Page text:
Superfund Money Will Be Gone in One Month, GAO Says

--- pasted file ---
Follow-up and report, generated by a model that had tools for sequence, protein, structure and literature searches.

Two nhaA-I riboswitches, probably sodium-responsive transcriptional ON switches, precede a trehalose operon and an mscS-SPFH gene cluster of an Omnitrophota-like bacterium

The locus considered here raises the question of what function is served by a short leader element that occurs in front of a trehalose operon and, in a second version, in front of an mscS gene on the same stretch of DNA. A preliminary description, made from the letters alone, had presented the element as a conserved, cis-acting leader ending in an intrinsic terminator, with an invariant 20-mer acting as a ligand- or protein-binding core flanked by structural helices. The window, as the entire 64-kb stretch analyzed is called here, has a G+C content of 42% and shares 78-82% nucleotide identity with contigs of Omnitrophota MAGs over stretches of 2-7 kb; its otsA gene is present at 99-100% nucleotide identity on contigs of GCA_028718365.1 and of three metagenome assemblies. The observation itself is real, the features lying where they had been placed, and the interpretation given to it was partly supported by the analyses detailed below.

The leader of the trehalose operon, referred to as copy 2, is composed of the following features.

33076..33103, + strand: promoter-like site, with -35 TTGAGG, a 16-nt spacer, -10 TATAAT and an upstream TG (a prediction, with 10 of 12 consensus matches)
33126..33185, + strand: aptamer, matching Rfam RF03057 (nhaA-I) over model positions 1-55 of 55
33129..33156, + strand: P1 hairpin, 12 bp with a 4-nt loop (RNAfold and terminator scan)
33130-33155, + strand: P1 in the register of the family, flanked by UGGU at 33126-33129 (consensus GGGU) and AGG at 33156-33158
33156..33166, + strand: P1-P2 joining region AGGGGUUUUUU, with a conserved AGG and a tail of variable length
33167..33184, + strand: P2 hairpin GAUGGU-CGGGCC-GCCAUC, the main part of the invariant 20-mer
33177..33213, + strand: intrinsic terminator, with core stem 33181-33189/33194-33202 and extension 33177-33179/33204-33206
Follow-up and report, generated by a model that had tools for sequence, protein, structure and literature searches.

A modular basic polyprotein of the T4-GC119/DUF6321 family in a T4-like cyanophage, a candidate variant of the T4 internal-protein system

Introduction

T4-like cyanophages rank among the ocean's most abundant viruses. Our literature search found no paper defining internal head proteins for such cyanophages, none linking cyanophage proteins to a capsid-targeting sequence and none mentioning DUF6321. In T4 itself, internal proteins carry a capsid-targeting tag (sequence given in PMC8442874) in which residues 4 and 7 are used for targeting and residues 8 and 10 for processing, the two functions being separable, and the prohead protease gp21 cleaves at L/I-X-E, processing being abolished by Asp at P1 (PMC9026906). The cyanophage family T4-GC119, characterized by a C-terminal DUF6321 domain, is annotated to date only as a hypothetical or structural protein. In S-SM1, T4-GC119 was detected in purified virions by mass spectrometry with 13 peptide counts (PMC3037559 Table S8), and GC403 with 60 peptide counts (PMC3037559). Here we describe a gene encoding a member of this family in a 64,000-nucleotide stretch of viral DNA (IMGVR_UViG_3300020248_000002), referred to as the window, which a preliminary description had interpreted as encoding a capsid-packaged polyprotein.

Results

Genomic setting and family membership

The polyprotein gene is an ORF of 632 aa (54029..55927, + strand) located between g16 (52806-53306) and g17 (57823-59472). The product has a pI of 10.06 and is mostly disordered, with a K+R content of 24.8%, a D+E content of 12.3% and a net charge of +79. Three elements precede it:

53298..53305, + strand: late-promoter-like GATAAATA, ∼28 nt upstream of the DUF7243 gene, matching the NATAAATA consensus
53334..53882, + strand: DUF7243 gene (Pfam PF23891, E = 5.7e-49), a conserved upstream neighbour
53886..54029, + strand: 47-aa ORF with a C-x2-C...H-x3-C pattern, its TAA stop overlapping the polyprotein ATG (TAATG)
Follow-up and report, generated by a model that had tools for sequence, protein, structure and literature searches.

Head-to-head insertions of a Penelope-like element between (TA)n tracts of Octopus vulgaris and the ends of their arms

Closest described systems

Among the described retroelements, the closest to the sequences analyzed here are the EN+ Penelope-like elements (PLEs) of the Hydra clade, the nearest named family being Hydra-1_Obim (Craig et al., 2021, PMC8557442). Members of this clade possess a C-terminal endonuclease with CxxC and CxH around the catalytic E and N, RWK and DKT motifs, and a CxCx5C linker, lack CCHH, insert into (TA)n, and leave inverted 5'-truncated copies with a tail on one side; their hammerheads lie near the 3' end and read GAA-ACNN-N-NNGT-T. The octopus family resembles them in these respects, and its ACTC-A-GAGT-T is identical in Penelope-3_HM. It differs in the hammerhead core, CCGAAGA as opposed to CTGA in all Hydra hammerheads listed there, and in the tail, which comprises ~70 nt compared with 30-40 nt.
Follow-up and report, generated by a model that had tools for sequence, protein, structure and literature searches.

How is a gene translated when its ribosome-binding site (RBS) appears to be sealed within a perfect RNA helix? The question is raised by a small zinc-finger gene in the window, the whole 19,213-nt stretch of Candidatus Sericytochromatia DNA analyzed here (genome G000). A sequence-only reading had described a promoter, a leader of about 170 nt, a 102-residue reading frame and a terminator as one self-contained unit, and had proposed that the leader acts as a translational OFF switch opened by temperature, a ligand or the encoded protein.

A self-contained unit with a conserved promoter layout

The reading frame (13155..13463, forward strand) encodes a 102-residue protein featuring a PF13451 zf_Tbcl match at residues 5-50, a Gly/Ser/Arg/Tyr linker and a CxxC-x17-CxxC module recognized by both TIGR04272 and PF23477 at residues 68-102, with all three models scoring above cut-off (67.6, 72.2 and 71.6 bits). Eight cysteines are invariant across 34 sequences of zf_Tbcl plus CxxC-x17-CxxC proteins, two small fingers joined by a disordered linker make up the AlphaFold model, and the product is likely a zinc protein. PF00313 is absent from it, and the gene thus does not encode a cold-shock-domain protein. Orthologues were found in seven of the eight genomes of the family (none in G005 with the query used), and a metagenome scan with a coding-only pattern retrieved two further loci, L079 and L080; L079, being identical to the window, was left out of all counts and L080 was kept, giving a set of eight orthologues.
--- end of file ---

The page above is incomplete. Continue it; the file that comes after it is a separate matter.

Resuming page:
The countdown has begun: In one month, the Superfund will run out of money, according to a new study by the General Accounting Office. Money in the fund comes from a now-expired tax on industry and is used to clean up “orphan sites,” toxic waste areas around the country where the polluter is unknown, no longer extant, or bankrupt. With the remaining money dwindling and no new industry tax in the works, the federal government will have to pony up tax dollars for the environmental cleanups — or, more likely, allow many of them to languish. On average, Superfund spending comes to between $1.3 billion and $1.7 billion per year, but the Superfund itself has declined from $2 billion in 1995 to just a few hundred million dollars this year. Meanwhile, the number of toxic waste sites continues to grow, with the U.S. EPA adding more spots to the National Priorities List every year.